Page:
The point is not that if the consequences that I have outlined really are consequences of Lasonen-Aarnio’s proposed constraint on competent deduction, her argument fails to work. Even if they are consequences of her proposed constrain, risk will accumulate so as to make trouble for SPC. Rather, one might think that the conclusion we ought to draw from the above is that there is a certain triviality built into her proposed account of competent deduction when it is glossed this way: the proposed condition is too easily met to do the work of capturing what counts as a competent deduction. This concern replicates even if we gloss ANTI-LUCK in, say, reliabilist terms rather than using the rubric of safety. Suppose, as Lasonen-Aarnio proposes, that a reliabilist gloss of competent deduction of q from p will require a high ratio of cases in which some relevant proposition q* is inferred from some relevant proposition p* to be such that in those cases the material conditional if p* then q* is true. Such a constraint will be met whenever p* is false in a high ratio of cases, arguably trivialising it.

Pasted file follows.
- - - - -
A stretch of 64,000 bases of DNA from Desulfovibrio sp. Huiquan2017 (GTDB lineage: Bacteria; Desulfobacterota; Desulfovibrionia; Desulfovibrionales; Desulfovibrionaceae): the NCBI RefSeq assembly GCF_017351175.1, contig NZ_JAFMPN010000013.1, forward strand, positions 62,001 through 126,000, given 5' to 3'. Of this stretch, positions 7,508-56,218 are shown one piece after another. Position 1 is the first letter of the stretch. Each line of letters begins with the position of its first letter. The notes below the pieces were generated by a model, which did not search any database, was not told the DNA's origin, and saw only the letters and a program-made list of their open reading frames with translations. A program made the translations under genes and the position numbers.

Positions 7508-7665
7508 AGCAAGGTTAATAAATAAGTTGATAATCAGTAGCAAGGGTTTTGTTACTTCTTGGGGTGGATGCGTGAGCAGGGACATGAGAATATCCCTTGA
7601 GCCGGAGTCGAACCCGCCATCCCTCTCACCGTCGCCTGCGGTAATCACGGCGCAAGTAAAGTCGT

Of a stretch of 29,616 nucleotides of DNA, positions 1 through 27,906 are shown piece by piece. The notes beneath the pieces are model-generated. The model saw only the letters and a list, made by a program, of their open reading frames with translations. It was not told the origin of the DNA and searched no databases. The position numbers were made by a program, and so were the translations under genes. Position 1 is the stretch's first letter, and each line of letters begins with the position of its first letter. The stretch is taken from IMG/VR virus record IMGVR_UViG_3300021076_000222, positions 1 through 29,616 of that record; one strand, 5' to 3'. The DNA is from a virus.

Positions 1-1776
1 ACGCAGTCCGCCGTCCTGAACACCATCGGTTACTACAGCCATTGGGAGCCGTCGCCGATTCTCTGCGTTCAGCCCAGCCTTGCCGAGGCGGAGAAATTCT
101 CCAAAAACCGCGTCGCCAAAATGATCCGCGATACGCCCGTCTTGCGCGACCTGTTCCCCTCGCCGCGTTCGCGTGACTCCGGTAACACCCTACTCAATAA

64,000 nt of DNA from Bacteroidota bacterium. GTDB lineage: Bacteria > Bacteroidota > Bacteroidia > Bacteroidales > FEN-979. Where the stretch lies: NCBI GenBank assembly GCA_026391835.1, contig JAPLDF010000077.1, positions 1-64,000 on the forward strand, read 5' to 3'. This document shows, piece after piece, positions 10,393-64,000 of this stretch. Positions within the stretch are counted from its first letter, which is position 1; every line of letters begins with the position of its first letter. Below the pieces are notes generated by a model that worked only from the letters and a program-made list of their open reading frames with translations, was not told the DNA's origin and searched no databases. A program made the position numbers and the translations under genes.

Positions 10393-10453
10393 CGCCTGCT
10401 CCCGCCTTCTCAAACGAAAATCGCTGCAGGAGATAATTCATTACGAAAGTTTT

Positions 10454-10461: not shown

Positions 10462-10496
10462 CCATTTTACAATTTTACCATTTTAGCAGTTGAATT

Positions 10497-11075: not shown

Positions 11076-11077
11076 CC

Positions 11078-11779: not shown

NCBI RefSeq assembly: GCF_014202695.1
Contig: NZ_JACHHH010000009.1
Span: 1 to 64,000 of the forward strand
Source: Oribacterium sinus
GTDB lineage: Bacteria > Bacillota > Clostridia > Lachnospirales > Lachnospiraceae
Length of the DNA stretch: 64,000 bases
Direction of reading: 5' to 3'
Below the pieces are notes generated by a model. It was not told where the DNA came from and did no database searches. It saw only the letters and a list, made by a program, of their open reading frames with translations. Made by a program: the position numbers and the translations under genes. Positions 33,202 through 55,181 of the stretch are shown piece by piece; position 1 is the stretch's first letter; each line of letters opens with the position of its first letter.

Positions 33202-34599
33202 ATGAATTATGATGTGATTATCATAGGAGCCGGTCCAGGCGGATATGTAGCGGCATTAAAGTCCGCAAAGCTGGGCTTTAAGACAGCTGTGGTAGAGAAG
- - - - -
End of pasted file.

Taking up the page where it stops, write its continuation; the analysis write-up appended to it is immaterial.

This problem - if it is one - can be avoided by having the conditional be an entailment rather than a material conditional. If this means we lack the prospect of a unified account of inference, so much the worse for unified accounts. But it is not clear that such a reading will avoid problems of its own. Presumably I can competently deduce that p from the premise that in the actual world, p. But it doesn’t look like the premise here entails the conclusion. Importantly for my purposes, whether or not we can resolve these puzzles about how to understand competent deduction does not affect the prospects for generating a case against transmission theories. The trouble (if there is any) is generated by the conditionals of (iii) and (iii’). But we don’t—as I show later—need to use a conditional when proposing an account of competent speech interpretation.